Article

The Most Convenient Place: The Second Blackfriars Theater and its Appeal

Ralph Alan Cohen

in The Oxford Handbook of Early Modern Theatre

Published in print October 2011 | ISBN: 9780199697861
Published online September 2012 | | DOI: http://dx.doi.org/10.1093/oxfordhb/9780199697861.013.0013

Series: Oxford Handbooks of Literature

 The Most Convenient Place: The Second Blackfriars Theater and its Appeal

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  • Literary Studies (1500 to 1800)
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The Globe is an icon of English dramatic and literary history and one of the most famous buildings in the world. The Blackfriars playhouse, the first purpose-built (or refitted) indoor theatre in the English-speaking world and the most profitable early modern theatre during England's biggest boom in playmaking, is neither an icon nor at all well known. The reason for this disproportion in public awareness is partly the romance of the open-air theatres, partly the greater number of William Shakespeare's plays first staged at the Globe, and partly the relative number of images we have of each of the theatres. The evidence from the plays themselves and from eyewitness accounts suggests a greater degree of difference between the two experiences. This article looks at the place, at performance in the place, and at the audience with an eye to what may be theatrically remarkable about that mix at the second Blackfriars.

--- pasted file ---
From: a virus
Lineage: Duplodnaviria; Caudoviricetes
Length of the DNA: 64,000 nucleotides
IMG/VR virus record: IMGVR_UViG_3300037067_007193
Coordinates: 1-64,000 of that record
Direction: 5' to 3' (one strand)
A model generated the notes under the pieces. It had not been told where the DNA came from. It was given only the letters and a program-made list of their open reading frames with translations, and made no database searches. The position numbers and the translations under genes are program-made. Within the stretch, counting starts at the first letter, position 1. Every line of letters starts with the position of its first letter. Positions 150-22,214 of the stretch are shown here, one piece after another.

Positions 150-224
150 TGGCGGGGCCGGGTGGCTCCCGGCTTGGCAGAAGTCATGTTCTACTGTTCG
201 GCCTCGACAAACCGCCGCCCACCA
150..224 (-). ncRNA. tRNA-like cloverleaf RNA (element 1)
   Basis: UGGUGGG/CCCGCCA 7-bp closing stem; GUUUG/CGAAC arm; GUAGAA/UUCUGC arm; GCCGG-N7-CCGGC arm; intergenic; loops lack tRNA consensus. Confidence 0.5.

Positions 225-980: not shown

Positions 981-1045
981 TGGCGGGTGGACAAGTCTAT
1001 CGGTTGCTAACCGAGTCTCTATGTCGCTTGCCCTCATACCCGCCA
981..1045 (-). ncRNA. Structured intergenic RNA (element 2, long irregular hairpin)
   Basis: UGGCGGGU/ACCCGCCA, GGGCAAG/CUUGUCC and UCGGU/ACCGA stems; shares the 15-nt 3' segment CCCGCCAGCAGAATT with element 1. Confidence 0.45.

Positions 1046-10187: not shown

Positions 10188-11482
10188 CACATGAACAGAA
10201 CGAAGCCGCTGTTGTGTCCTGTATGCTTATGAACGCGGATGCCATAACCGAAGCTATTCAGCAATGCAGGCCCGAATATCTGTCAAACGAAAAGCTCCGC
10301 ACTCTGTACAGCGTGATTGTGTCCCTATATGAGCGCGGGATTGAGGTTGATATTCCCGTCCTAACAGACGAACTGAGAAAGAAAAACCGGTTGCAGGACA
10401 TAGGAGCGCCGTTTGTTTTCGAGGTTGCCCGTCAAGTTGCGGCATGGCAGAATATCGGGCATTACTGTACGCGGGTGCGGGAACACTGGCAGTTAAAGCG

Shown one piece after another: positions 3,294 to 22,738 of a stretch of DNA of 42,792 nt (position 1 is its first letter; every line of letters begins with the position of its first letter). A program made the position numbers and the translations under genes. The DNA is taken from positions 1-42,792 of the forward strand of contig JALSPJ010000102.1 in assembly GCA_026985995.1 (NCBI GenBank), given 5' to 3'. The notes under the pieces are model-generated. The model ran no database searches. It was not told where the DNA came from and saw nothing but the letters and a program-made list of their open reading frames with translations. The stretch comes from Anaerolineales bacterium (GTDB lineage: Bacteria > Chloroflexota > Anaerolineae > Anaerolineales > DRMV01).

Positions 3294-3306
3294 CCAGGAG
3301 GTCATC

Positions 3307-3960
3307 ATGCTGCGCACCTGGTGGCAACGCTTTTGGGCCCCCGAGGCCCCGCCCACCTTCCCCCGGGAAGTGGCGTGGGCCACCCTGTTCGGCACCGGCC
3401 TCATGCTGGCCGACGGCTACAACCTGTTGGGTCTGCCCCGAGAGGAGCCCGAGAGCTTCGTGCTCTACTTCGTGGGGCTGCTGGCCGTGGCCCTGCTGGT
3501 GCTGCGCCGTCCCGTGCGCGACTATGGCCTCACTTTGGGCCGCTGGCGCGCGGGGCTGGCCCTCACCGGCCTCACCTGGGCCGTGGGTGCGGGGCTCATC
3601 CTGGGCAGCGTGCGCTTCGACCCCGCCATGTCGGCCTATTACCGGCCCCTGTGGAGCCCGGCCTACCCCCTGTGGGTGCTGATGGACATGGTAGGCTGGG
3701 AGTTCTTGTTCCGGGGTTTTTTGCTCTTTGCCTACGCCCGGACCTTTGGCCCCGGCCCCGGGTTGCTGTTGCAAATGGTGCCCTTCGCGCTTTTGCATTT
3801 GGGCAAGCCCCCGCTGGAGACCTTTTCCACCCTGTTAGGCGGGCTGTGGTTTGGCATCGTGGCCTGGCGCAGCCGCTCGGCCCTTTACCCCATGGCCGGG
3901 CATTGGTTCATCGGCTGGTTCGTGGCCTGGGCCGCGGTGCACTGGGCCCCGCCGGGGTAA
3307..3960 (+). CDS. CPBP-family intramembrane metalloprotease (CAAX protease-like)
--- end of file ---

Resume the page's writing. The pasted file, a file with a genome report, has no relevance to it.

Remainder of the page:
Keywords: Globe; Blackfriars; England; theatre; William Shakespeare; plays; audience; performance

Article.  8282 words. 

Subjects: Literature ; Literary Studies (1500 to 1800) ; Literary Studies (Plays and Playwrights)

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